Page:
Design thinking

Dr Fiona Lemmens at one of the design thinking workshops.

Shaping the future of leadership in ICSs

The Coaching Academy was proud to support the future of what “leadership” looks like for integrated care systems in Cheshire and Merseyside. The creation of a “clinical and care professional leadership framework” was a statutory requirement for all ICSs to submit to NHS England before 1 July 2022.

This framework will outline how all levels of integrated care system leadership will interact with each other across all aspects of health and care. It will include things like decision making, communication, learning and development, equity and diversity and more.

With the leadership framework impacting many people for years to come, the Cheshire and Merseyside Integrated Care Board didn’t want to create its framework in a “dark room”. They knew it would only be useful if it were shaped by as many clinical and care professionals as possible.

They were also keen to take an innovative consultation approach, which is where the Coaching Academy got involved. The Coaching Academy created a series of in-person ‘design thinking’ workshops, involving a carefully-selected cross section of leaders from various aspects of health and care, to ‘build’ the framework prototypes. At every step of the way the workshops were supplemented by consultation on an online collaboration platform called “Idea Drop” where any clinical and care professional in C&M could follow the process and provide feedback.

Dr Fiona Lemmens, Associate Medical Director for the Cheshire and Merseyside Integrated Care Board, says: “I was excited by the creativity from the Coaching Academy and their suggestion to use the ‘design thinking’ methodology toward creating the framework. Bringing a concept from the technology sector into healthcare was intriguing and innovative. Using online consultation through Idea Drop also opened up the design process to a much wider audience in a shorter timeframe than we have ever been able to do before. It has been so easy to engage and work with the Coaching Academy. They are full of energy, and ideas, and flexible in their approach to meet the national guidance and agreed project deliverables.”

Watch the video and read Head of the Coaching Academy Jen Kohan's blog on the framework development.

Safety culture improvement

This programme was previously referred to as Coaching for Culture. Read case studies from these cohorts:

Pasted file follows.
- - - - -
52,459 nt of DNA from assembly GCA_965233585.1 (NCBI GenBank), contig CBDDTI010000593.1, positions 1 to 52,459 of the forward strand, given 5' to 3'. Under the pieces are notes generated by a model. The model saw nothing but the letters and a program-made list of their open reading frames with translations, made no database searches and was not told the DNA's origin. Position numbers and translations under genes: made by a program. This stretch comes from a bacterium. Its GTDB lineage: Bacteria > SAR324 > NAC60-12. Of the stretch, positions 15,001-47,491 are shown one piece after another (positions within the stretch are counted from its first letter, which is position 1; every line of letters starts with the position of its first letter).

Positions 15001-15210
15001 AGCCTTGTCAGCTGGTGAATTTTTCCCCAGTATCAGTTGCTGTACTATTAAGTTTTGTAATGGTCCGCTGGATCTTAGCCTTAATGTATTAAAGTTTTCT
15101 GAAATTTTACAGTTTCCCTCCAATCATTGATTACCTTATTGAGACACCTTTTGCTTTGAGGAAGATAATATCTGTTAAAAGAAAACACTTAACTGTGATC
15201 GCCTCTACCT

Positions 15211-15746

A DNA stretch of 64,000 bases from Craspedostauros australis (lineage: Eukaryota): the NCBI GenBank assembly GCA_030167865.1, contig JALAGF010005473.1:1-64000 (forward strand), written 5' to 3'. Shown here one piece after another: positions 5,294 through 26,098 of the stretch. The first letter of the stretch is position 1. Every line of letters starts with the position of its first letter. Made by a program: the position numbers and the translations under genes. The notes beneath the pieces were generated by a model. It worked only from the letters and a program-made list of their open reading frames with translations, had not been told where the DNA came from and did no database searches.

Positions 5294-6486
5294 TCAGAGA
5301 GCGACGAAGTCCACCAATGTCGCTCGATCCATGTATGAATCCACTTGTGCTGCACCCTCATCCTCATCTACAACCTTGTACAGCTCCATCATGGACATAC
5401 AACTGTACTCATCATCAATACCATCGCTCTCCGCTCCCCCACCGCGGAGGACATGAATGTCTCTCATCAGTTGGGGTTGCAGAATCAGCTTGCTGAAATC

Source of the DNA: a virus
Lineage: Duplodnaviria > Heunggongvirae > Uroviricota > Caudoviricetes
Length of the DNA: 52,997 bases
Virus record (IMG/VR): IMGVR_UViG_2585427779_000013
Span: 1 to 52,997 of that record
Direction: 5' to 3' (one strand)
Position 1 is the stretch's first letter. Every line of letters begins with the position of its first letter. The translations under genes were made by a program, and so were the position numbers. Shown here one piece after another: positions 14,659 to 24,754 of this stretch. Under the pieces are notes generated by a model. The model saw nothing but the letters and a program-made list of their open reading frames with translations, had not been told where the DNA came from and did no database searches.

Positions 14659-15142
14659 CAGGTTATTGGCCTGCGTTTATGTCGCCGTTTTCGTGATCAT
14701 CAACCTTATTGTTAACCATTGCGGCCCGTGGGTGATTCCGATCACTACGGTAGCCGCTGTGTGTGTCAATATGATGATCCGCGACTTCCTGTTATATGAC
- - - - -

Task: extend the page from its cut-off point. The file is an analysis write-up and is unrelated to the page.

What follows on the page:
Complex change and service redesign

Sam pilsworth, Cheshire and Merseyside’s pulmonary rehabilitation lead and consultant respiratory physiotherapist.

Supporting system-wide complex change

In the months before the pandemic, the Coaching Academy embarked on designing a complex change programme with the nine pulmonary rehabilitation (PR) services in Cheshire and Merseyside. The remit was that it be a 'radical redesign' to join up an oversubscribed service across an ICS. It would also have the potential to make significant positive impacts to patient outcomes and ease pressure on related services. Once the pandemic hit, this change programme was made more challenging with demand for PR services skyrocketing due to long-Covid patients. Despite this, the nine service representatives remained committed to the long-term vision of improving their service.

The Coaching Academy collaborated with the project team to use a number of innovative approaches for service redesign, including workforce analysis, digital mapping, change readiness, digital activation coaching and coaching for culture. Key discoveries included that the adoption of new technology into the service pathway would be critical to success. Another was that clinicians would need be empowered to have the confidence to improve and redesign their own services, and that all staff around them, including throughout all levels of management, would need to be receptive to new perspectives.

Sam Pilsworth, Cheshire and Merseyside’s PR Lead and Consultant Respiratory Physiotherapist, said: “Without the Innovation Agency we would not have got half as far. They have been brilliant. They co-ordinated sessions, supported us to co-design a new pathway, giving us space to think – which is something we don’t usually get in the NHS when we are so busy delivering services.

“It has given us the opportunity for everyone to have input so that we feel the pathway belongs to us. We have all had the chance to get involved in co-producing useful materials, including a new website called ‘Breathing Point’, a web-based portal for patients, carers and clinicians that provides information and signposting and offers a forum for online discussion.”

The project has now moved into the delivery phase and a similar project is now underway in Spring 2022 in Lancashire and South Cumbria.

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